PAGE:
fb-pixel Skip to main content

With ‘The Americans,’ dour doesn’t mean disappointing

Keri Russell (left) and Holly Taylor in “The Americans.’’Patrick Harbron/FX

I’ve heard many unflattering adjectives applied to this fifth season of “The Americans,” which ends on Tuesday night. The penultimate run of the FX drama has been called “dour,” “flat,” and, according to one massive fan, “nearly unwatchable” thanks to all the “soul destruction.” And where, some have wondered, are the percussive action sequences that once propelled the episodes forward?

Part of me wants to rush to the defense of a series that, by blending spy genre kicks and a domestic drama with global resonance, has brought so much storytelling pleasure since 2013. Sure, “The Americans” isn’t one of cable’s auteur creations, with the bold camerawork and surreal sequences that distinguish the most celebrated series in this golden age of TV. But it has nonetheless been a thoroughly engaging anti-heroic thriller featuring impressive acting and writing as well as some accidentally timely material about Russia.


But when it comes right down to it, I don’t think season five of “The Americans” needs a lot of defending. The season has indeed been conspicuously dour, and that’s because it’s zeroing in on the deep anxiety that goes along with Cold War espionage. It’s clearer than ever that all parties in the fight — including Philip, Elizabeth, now-withdrawn KGB handler Gabriel, Stan, Oleg — are weary from using other people as weapons and living in the realm of half-truths. The show’s themes are more probing and interior than before; the perspective has shifted from a wide-screen view of the Jenningses’ world to looking at them all through a microscope.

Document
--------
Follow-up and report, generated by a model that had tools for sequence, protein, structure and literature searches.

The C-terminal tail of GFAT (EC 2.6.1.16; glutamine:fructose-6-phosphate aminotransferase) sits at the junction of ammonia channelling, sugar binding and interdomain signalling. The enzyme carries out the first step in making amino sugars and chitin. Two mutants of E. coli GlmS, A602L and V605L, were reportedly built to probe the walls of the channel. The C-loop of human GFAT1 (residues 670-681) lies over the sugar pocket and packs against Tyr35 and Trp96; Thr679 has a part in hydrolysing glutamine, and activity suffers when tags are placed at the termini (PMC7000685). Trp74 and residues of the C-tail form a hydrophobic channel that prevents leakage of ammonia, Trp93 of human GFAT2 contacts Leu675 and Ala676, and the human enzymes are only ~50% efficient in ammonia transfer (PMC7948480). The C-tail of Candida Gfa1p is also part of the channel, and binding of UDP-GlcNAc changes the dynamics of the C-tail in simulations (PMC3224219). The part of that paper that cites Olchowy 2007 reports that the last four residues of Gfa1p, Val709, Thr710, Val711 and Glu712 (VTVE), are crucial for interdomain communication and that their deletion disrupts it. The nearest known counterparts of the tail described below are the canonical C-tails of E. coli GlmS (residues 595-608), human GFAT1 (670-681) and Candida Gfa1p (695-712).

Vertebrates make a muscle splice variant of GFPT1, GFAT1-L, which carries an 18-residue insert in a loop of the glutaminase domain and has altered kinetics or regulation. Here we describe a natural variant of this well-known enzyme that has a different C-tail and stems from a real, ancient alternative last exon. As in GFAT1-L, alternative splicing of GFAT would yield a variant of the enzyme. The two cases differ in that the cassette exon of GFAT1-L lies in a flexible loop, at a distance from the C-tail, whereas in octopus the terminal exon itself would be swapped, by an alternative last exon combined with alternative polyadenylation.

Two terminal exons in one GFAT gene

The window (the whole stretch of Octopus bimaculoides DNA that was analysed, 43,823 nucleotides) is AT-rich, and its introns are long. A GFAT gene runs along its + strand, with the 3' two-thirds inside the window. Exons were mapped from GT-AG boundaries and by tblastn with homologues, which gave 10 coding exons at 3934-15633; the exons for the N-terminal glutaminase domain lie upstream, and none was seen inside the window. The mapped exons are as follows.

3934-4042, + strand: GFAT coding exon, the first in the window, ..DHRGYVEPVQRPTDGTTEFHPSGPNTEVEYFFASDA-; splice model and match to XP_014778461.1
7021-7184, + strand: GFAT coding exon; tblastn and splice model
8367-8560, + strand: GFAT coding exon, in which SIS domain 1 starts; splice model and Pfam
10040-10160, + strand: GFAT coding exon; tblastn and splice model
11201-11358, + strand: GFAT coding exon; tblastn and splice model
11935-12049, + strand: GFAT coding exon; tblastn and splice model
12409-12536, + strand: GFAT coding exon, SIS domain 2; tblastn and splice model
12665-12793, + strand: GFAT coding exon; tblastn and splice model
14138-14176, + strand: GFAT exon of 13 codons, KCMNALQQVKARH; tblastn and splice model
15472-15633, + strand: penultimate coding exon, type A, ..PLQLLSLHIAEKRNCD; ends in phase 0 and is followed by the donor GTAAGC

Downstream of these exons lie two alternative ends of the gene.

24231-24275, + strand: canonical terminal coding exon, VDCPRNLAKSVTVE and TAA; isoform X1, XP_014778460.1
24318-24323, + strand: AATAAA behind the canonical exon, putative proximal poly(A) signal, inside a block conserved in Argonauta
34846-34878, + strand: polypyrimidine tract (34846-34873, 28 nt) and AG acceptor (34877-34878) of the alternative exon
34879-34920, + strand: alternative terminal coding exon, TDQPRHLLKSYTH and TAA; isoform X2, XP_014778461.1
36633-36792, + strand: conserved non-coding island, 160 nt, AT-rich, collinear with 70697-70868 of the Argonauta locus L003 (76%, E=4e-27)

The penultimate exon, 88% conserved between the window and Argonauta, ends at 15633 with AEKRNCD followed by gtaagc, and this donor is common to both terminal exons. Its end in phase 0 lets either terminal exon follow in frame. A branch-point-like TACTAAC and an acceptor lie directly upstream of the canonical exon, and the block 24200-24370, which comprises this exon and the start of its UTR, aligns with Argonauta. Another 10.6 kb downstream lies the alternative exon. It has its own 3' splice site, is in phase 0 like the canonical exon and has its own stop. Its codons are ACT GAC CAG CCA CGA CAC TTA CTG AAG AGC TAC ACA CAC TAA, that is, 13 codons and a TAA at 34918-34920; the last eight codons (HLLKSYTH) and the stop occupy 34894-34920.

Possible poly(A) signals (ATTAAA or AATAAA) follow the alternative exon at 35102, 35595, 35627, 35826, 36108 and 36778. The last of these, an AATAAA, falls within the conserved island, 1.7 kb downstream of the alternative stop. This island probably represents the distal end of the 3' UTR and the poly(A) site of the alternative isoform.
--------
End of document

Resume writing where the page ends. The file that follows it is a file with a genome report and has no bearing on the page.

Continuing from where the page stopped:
It has been a little frustrating to track the spy cases, since there are a number of them in play this season. And along with them, there have also been sporadic appearances of Philip’s son Mischa, vestiges of the Gaad murder, and Oleg’s story strands in the Soviet Union, including his mother’s history in an internment camp, his past with Nina and Stan, and his grocery fraud investigation. Just when it seems as though one of those story lines is going to crest — the pest-resistant wheat business, for example, or Philip’s tape-changing project in Kimmy’s home — it doesn’t and we’re left juggling again. But that frustration is part of the point of the season; it makes us feel the fatigue the characters are feeling from all their own juggling.


The characters also seem to be tiring of the constant manipulation of unwitting victims. As a viewer, it’s fun seeing them cleverly persuade others to do what they want – it’s a little like watching a magician fool an audience. We saw it with Martha, the way Philip had to balance between gently guiding her and outright steering her. And this season we’ve seen it all over the place, with Philip and Elizabeth working both together and separately to get results. But it all comes down to Tuan’s efforts to steer Evgheniya, Alexei, and Pasha back to Russia. While working under the Jenningses, his manipulations involve extreme cruelty to a child, Pasha — something Philip and Elizabeth have never liked, especially Philip, whose work with Kimmy has consistently made him squirm. Their underlying senses of morality are kicking up more than ever.

If the writers of “The Americans” had not given us this difficult season, Elizabeth’s growing desire to end their “tour” of duty in America might not seem credible within the world of the show. She has been a fierce Soviet loyalist, while Philip has waffled. If her stridency is waning, if her ideological commitment is finally giving way to her family commitment, then life must be pretty bad for them. I see an endgame in Elizabeth’s exhaustion, and in Philip and Elizabeth’s nostalgia for their homeland (“But I miss my old name, too,” Philip tells Paige). The presence of Mischa may be a piece of the endgame, as well, while it reminds us of the losses lurking deep in Philip’s consciousness.


The season also appears to be setting up a big irony that will play out next year. Now that the parents are trying to find their way out of the life, the daughter is finding her way into it with passion and intelligence. I’m a fan of the Paige story line, as well as the actress who plays her, Holly Taylor, and this season has been particularly well done in terms of her transition. We are seeing her gradually push the people in her life away — Matthew, Pastor Tim, Henry, whom she urged her parents to send away to school — while working on her physical prowess and her spying skills. Now that her parents have told her the truth, she is drawn to the power of secrets, and she’s ready to use it.

Matthew Gilbert can be reached at gilbert@globe.com. Follow him on Twitter @MatthewGilbert.